Compare to 10G from here which. may use up to 5W to hit up to 10G at 100M, for ~5e−21J/nm.
Again, these have a powered transceiver on each end.
So for all of these, all we know is that the sum of the losses of the powered components and the wire itself are of order 1 fJ/mm. Edit: I would guess that probably the powered components have very low power draw (I would guess 10s of mW) and the majority of the loss is attenuation in the wire.
The numbers I gave essentially are the theoretical minimum energy loss per bit per mm of that particular cable at that particular signal power. It's not surprising that multiple twisted pair cables do worse. They'll have higher attenuation, lower bandwidth, the standard transceivers on either side require larger signals because they have cheaper DAC/ADCs, etc. Also, their error correction is not perfect, and they don't make full use of their channel capacity. In return, the cables are cheap, flexible, standard, etc.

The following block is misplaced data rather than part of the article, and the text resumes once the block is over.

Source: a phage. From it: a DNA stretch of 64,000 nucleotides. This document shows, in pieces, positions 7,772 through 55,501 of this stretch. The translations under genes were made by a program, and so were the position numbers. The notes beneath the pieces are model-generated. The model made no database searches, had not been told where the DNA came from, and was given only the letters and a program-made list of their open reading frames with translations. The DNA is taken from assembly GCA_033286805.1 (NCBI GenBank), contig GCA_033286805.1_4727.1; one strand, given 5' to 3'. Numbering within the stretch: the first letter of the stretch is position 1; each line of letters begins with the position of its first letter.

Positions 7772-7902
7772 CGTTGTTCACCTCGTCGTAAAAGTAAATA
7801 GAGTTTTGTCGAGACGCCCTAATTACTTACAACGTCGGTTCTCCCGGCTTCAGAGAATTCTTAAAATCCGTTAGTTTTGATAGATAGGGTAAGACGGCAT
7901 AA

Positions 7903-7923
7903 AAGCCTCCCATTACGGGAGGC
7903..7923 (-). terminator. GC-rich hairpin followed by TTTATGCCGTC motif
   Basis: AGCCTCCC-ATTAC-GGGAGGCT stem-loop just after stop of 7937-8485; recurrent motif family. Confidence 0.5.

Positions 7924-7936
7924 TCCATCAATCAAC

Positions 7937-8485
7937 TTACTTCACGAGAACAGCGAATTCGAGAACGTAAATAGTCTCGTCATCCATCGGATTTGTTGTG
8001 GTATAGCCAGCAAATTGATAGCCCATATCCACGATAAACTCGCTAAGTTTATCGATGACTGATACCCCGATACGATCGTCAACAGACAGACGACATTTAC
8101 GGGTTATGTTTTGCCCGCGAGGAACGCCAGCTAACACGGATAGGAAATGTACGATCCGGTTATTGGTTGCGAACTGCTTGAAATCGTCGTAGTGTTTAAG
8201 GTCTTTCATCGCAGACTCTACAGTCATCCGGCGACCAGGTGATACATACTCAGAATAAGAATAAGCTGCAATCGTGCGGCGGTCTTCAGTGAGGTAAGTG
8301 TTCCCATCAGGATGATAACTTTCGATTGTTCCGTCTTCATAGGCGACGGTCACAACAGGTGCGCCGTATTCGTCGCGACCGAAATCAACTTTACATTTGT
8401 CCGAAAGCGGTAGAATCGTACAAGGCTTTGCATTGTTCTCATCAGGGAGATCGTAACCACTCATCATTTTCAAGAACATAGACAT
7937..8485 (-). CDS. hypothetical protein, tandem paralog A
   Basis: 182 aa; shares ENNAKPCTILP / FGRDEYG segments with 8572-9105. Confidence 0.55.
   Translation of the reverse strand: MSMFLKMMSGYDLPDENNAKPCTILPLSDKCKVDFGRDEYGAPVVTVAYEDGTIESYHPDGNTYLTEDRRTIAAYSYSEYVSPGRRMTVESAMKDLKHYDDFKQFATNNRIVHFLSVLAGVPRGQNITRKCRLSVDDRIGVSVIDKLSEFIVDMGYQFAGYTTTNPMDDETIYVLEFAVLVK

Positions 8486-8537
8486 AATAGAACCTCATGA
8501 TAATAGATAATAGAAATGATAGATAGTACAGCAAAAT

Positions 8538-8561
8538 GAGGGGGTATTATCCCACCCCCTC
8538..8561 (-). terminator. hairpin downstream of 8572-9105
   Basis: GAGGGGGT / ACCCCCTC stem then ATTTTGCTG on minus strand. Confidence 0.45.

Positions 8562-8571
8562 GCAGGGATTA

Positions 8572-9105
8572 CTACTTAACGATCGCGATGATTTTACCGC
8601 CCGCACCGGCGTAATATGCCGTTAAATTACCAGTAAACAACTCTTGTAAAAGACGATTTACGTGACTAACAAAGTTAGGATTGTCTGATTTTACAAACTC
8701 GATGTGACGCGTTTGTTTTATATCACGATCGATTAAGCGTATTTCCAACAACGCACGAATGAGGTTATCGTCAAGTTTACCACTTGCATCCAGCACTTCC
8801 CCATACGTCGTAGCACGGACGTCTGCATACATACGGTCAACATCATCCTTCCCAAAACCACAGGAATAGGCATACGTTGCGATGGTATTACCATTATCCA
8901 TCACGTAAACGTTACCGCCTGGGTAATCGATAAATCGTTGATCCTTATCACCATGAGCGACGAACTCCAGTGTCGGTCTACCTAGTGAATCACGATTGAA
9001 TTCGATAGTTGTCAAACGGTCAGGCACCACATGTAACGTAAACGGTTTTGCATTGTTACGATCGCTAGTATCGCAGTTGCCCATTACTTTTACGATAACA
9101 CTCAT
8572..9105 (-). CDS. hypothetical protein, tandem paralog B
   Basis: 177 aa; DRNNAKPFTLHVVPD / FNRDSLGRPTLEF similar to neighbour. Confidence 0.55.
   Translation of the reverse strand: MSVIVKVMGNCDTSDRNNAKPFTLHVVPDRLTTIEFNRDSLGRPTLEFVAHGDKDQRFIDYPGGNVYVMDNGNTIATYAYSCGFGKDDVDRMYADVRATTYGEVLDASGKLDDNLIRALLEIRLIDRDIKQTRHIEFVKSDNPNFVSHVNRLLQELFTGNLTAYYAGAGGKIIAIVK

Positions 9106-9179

There's nothing special about kT/1 nm.
Indeed, the theoretical lower bound is very, very low.
Do you think this is actually achievable with a good enough sensor if we used this exact cable for information transmission, but simply used very low input energies?
The minimum is set by the sensor resolution and noise. A nice oscilloscope, for instance, will have, say, 12 bits of voltage resolution and something like 10 V full scale, so ~2 mV minimum voltage. If you measure across a 50 Ohm load then the minimum received power you can see is P=(2mV)2/(50Ω)≈10μW. This is an underestimate, but that's the idea.
Maybe I'm interpreting these energies in a wrong way and we could violate Jacob's postulated bounds by taking an Ethernet cable and transmitting 40 Gbps of information at a long distance, but I doubt that would actually work.
Ethernet cables are twisted pair and will probably never be able to go that fast. You can get above 10 GHz with rigid coax cables, although you still have significant attenuation.
Let's compute heat loss in a 100 m LDF5-50A, which evidently has 10.9 dB/100 m attenuation at 5 GHz. This is very low in my experience, but it's what they claim.
Say we put 1 W of signal power at 5 GHz in one side. Because of the 10.9 dB attenuation, we receive 94 mW out the other side, with 906 mW lost to heat.
The Shannon-Hartley theorem says that we can compute the capacity of the wire as C=Blog2(1+SN) where B is the bandwidth, S is received signal power, and N is noise power.